First let us consider cases of moral belief exhibiting truth-functional complexity, i.e., complexity involving connectives but not quantifiers. On our view, such a belief is to be understood as a logically complex commitment state with respect to a sequence of core descriptive contents. So, for example, consider the belief that either Jeeves mailed the parcel or Bertie ought to mail the parcel. This belief is a logically complex commitment-state of the logical type [f v (Ought)y], with respect to the sequence of core descriptive contents <Jeeves mailed the parcel, Bertie mails the parcel>. The key to understanding this belief, and others of the same logical type, involves understanding their constitutive inferential role in the psychological economy of the agent. In particular, their role is to combine in a distinctive way with other beliefs (other commitment-states) to inferentially yield further beliefs (further commitment-states). One way to put the main idea about such logically complex commitment states is that the simple constituents of complex commitment states are logically “in the offing” in the sense that the complex commitment state involved in the disjunctive belief, when combined with an appropriate additional belief, rationally-inferentially yields an ought-commitment with declarative moral content. In the example at hand, the embedded moral constituent, Bertie ought to mail the parcel, is in the offing in the sense that the complex commitment-state in question, together with the belief that Jeeves did not mail the parcel, inferentially yields (at least for the minimally rational agent) an ought-commitment with respect to Bertie’s mailing the parcel.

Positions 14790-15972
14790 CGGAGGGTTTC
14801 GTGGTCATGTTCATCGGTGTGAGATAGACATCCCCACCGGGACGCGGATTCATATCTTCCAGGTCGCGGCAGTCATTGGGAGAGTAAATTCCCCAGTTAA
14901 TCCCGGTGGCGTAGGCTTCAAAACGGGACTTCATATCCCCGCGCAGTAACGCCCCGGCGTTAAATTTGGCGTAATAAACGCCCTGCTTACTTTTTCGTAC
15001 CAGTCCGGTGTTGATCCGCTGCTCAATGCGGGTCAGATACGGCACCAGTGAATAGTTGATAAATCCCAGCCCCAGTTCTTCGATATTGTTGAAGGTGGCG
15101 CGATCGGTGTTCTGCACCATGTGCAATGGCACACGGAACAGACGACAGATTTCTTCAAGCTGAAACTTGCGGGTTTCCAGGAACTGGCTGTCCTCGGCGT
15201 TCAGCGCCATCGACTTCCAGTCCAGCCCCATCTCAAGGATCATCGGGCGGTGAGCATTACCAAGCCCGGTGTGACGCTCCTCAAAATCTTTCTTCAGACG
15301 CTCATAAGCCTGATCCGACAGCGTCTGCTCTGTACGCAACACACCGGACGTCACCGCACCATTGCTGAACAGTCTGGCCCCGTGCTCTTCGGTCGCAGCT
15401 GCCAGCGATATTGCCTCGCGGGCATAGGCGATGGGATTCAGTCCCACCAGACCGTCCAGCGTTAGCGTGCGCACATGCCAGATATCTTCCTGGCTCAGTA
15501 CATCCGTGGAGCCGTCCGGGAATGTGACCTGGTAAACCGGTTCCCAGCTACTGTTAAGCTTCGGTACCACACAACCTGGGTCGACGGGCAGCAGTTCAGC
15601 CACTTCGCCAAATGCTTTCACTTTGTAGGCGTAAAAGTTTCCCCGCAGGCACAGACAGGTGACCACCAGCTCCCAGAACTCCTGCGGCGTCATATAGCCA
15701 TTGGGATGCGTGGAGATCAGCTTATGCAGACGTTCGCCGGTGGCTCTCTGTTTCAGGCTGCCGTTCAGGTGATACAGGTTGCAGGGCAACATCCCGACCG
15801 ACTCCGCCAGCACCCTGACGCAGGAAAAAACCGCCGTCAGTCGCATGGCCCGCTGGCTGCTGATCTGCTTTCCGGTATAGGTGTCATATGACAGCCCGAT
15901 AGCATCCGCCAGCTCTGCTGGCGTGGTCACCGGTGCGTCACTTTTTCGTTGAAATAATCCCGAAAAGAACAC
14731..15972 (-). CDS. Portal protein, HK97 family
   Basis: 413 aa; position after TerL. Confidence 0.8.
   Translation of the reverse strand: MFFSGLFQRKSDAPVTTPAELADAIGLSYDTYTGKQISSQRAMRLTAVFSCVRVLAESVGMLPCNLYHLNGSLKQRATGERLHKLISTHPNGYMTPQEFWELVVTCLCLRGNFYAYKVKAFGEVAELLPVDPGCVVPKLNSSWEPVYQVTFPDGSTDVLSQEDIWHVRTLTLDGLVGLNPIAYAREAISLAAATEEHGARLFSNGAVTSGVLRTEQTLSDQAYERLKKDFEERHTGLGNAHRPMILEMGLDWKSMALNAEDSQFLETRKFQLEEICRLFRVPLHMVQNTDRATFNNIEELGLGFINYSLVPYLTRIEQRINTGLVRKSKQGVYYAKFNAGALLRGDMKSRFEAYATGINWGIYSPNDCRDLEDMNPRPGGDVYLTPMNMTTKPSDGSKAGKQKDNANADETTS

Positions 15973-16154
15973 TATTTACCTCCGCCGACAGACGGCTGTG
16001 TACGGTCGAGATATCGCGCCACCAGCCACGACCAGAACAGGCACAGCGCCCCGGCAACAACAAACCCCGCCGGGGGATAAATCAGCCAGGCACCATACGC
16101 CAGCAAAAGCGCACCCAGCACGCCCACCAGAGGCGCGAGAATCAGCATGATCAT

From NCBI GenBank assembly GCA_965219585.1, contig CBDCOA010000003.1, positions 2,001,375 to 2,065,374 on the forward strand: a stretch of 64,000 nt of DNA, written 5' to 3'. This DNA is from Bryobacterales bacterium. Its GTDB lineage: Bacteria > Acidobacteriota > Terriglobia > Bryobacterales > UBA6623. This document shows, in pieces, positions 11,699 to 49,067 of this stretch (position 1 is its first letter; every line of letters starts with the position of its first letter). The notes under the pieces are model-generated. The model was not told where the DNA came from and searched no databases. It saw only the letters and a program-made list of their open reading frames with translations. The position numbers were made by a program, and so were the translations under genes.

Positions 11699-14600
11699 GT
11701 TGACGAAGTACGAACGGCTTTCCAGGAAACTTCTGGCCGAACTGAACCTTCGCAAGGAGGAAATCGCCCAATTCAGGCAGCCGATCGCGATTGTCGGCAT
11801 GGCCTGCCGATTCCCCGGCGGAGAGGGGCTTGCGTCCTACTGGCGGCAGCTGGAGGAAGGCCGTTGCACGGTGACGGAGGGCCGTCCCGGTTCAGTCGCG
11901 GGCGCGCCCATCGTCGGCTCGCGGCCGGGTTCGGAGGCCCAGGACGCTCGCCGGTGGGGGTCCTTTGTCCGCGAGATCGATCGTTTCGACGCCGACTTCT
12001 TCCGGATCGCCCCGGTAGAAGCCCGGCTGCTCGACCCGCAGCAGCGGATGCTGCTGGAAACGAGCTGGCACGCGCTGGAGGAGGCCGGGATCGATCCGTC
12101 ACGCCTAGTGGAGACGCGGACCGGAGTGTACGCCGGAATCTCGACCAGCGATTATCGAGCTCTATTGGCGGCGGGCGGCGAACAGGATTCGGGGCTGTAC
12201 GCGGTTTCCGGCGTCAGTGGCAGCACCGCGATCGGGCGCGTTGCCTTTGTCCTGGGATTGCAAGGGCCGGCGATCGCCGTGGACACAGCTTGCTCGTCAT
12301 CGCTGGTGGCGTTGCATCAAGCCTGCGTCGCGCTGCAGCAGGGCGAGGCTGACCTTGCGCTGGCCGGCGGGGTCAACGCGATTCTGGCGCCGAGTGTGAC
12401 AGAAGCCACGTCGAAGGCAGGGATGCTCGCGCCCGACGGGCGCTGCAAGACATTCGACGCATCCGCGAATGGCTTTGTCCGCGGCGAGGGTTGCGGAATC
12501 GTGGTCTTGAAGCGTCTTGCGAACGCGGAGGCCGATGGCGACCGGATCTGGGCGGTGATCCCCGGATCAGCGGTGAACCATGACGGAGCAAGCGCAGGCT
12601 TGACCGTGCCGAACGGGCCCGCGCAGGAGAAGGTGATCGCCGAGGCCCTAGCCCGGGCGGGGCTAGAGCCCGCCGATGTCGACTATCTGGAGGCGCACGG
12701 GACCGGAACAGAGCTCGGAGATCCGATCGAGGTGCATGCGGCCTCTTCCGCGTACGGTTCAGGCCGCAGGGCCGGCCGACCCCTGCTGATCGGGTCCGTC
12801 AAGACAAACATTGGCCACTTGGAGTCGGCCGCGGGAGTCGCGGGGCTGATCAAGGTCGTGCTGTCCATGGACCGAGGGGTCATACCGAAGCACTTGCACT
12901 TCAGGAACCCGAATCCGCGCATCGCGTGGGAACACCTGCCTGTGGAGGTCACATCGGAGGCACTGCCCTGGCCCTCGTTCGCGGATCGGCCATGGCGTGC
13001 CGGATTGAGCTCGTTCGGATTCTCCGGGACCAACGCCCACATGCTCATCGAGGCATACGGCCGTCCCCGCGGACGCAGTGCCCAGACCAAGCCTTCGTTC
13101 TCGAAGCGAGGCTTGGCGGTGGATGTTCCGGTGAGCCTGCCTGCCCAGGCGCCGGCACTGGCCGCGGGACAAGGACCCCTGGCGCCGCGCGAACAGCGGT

Now consider cases of belief with quantificational complexity, i.e., complexity involving quantifiers (and perhaps connectives too). Such a belief is a logically complex commitment-state vis-à-vis a set of sequences of core descriptive contents. So, for instance, the belief that anyone who pinched Uncle Willoughby’s parcel ought to mail it, is a logically complex commitment state of the logical type (a)[Fa É (Ought)Ya], with respect to a set of sequences of core descriptive contents {<Bertie pinched the parcel, Bertie mails the parcel>, <Aunt Agatha pinched the parcel, Aunt Agatha mails the parcel>, . . .}, etc. Again, the essential feature of this type of commitment state is its constitutive inferential role in the psychological economy of the agent. For someone whose belief has the universally quantified declarative content in question, other beliefs with declarative moral content are “in the offing” in the sense that the complex commitment involved in the universally quantified belief, when combined with an appropriate additional belief (e.g., the belief that Bertie pinched the parcel) rationally-inferentially yields an ought-commitment with declarative moral content (e.g., the belief that Bertie ought to mail the parcel).